New Zealand Journal of Music Therapy 21 (2023)

The full issue of the journal will published online in mid-December. Selected content may be published early online.
A print edition will be sent to MThNZ members in January.
For MThNZ membership options (RMTh, Student, Friend, Retired, and Corporate) click here .

ISSN 1176-3264 (Print)

ISSN 2744-631X (Online)

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The Times They are A-Changin’
Alison Talmage & May Bee Choo Clulee 吳美珠

Our title refers to a time of looking back and ahead, while being present in the here-and-now. Bob Dylan’s (1963, 2019) song resonates 50 years on in 2023,a year of ever more transitions but also celebrations…
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Theses and Publications Alert

NZJMT’s annual celebration of completed theses and publications by New Zealand Registered Music Therapists. 
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Editorial Team

Editor:                       Alison Talmage
Assistant Editor:   May Bee Choo Clulee 吳美珠

Image Accessibility Adviser:
Áine Kelly-Costello

NZJMT Advisory Panel (2023):
Helen Dowthwaite NZ RMTh
Nolan Hodgson (Ngāi Tūhoe, Ngāti Awa) NZ RMTh

Assoc Prof Sarah Hoskyns NZRMTh
eil Jourdan NZ RMTh, Chair, Registration Board
Adjunct Prof Daphne Rickson NZ RMTh, MThNZ President Emeritus
Penny Warren NZ RMTh

Editorial Advisers (2023):
Ajay Castelino
Helen Dowthwaite
Laura Halligan,
Angela Ah Young Jeong 정아영
Karen Twyford (Australia)

Statements of fact and opinion in articles published by NZJMT are those of the respective authors and contributors to the journal, and not those of NZJMT or Music Therapy New Zealand. Neither NZJMT nor MThNZ can accept legal responsibility or liability for errors or omissions that may be made. Readers should make their own evaluation of the appropriateness of any research and practice methods described.

Privacy Notice:
The journal is published in good faith. Inquiries (including take-down notices)
should be sent to the Music Therapy New Zealand Executive Officer:

Professional Practice & Research

Note, professional practice and research articles are anonymously reviewed anonymous reviews by two (occasionally three) peer reviewers.

Working it out Together: Helping Community Support Workers and Family Members to Use Music to Benefit Adults with Learning (Intellectual) Disabilities
Liz Wallace

Abstract: This article describes the development of a music therapist’s collaborative work with community support workers and family members to use music to benefit adults with learning (intellectual) disabilities. Examples of collaborative work are given, which show how individually tailored music ideas can improve wellbeing, enhance relationships with community support workers and family, and increase participation in the wider community. This type of collaborative work is recommended as a valuable way music therapists can use their professional skills to help others to use music to benefit adults with learning (intellectual) disabilities.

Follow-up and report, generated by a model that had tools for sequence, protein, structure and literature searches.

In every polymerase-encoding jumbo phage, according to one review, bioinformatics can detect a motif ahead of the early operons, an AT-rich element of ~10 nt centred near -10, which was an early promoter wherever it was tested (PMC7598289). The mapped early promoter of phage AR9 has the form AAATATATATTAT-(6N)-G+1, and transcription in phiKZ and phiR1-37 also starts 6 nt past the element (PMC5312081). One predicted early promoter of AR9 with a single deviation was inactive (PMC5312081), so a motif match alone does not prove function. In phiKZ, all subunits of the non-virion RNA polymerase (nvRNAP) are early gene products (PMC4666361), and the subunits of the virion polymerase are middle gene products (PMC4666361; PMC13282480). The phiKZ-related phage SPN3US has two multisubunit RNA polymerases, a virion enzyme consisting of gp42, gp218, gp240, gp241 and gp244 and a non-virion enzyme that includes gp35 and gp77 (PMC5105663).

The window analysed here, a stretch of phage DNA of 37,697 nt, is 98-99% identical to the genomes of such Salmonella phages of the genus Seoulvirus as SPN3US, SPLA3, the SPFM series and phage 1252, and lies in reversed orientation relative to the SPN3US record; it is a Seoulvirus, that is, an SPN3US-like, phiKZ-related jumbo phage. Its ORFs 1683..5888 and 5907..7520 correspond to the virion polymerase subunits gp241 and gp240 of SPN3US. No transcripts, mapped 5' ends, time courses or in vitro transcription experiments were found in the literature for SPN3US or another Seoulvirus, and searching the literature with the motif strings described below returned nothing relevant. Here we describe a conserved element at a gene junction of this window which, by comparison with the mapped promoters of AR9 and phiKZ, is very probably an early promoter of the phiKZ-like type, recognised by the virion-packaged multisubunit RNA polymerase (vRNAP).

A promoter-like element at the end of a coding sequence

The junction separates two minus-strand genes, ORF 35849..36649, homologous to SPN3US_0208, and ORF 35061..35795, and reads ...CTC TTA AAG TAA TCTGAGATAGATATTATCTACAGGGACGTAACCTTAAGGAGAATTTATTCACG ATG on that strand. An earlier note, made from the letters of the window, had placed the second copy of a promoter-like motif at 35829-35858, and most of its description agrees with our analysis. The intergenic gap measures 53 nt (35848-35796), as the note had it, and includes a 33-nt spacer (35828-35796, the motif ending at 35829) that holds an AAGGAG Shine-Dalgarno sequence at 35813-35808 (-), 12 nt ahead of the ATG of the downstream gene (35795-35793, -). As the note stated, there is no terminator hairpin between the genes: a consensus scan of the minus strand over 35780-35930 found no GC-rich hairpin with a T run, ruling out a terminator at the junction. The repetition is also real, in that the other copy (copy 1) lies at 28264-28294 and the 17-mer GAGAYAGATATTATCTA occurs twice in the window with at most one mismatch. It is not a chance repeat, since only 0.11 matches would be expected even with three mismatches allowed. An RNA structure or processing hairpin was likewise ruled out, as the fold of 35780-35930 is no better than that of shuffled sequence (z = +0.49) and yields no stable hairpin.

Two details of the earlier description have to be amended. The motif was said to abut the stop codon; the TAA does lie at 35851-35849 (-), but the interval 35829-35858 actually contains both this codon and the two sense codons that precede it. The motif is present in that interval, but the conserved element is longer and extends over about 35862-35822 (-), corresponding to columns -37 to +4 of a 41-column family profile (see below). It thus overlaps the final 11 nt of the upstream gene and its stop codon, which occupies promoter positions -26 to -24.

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Music, Making, and Meaning: Megan and Me, A Reflection on Practice from Music Therapy in Palliative Care
Libby Johns

Abstract: This case study is about Megan’s music therapy journey, as part of her palliative care at Hospice West Auckland. Using first person reflective writing I wish to promote the use of reflexivity and positionality in practice and publications. My reflections aim to capture the essence of how Megan and I worked together in music therapy sessions and highlight the need for flexibility while working in palliative care in a Hospice setting…
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Community Voices

Note, Community Voices  articles receive an open review.

“Comfort like home food”: Gayageum (가야금) in Dunedin
Hyunah Cho 조현아

Abstract: This article describes the possibility of the therapeutic use of gayageum 가야금 for Korean people in New Zealand. During my time in Dunedin (2016-2022), I performed gayageum music for Korean New Zealanders. Conducting informal interviews, the majority of participants experienced feelings of “comfort”, “relaxation”, and “home”. These findings suggest two conclusions: (1) gayageum music can be a resource for New Zealand music therapy practice with first-generation Korean immigrants; and (2) the possibility of studying the diasporic meaning of gayageum in New Zealand.
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Download colour version of Figure 2 as pdf or png.

Book Reviews

Developing Issues in World Music Therapy Education and Training:
A Plurality of Views (2023)
Edited by Karen Goodman (Charles C. Thomas Publisher)
Reviewer: Penny Warren

Overall, this book offers an eclectic and often engaging collection of views and perspectives of music therapy education and training. Readers have the freedom to align themselves to a diversity of values and orientations, whilst still identifying with the collective music therapy community, without the hardened edges that can create distance and conflict (Chapter 1). I recommend this book to music therapy practitioners, students, educators, and anyone who has an interest in music therapy training and education.
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Music and Dementia: From Cognition to Therapy (2020)
Edited by Amee Baird, Sandra Garrido & Jeanette Tamplin (OUP)
Reviewer: Alison Talmage

This book is both a theoretical and practical resource that expanded my knowledge of contemporary approaches. I was heartened by the links between theory, research, and practice, as well as the mainly accessible style. Consequently, I recommend this book for everyone seeking a greater understanding of music therapy for people living with dementia or aiming to incorporate music into their own practice.
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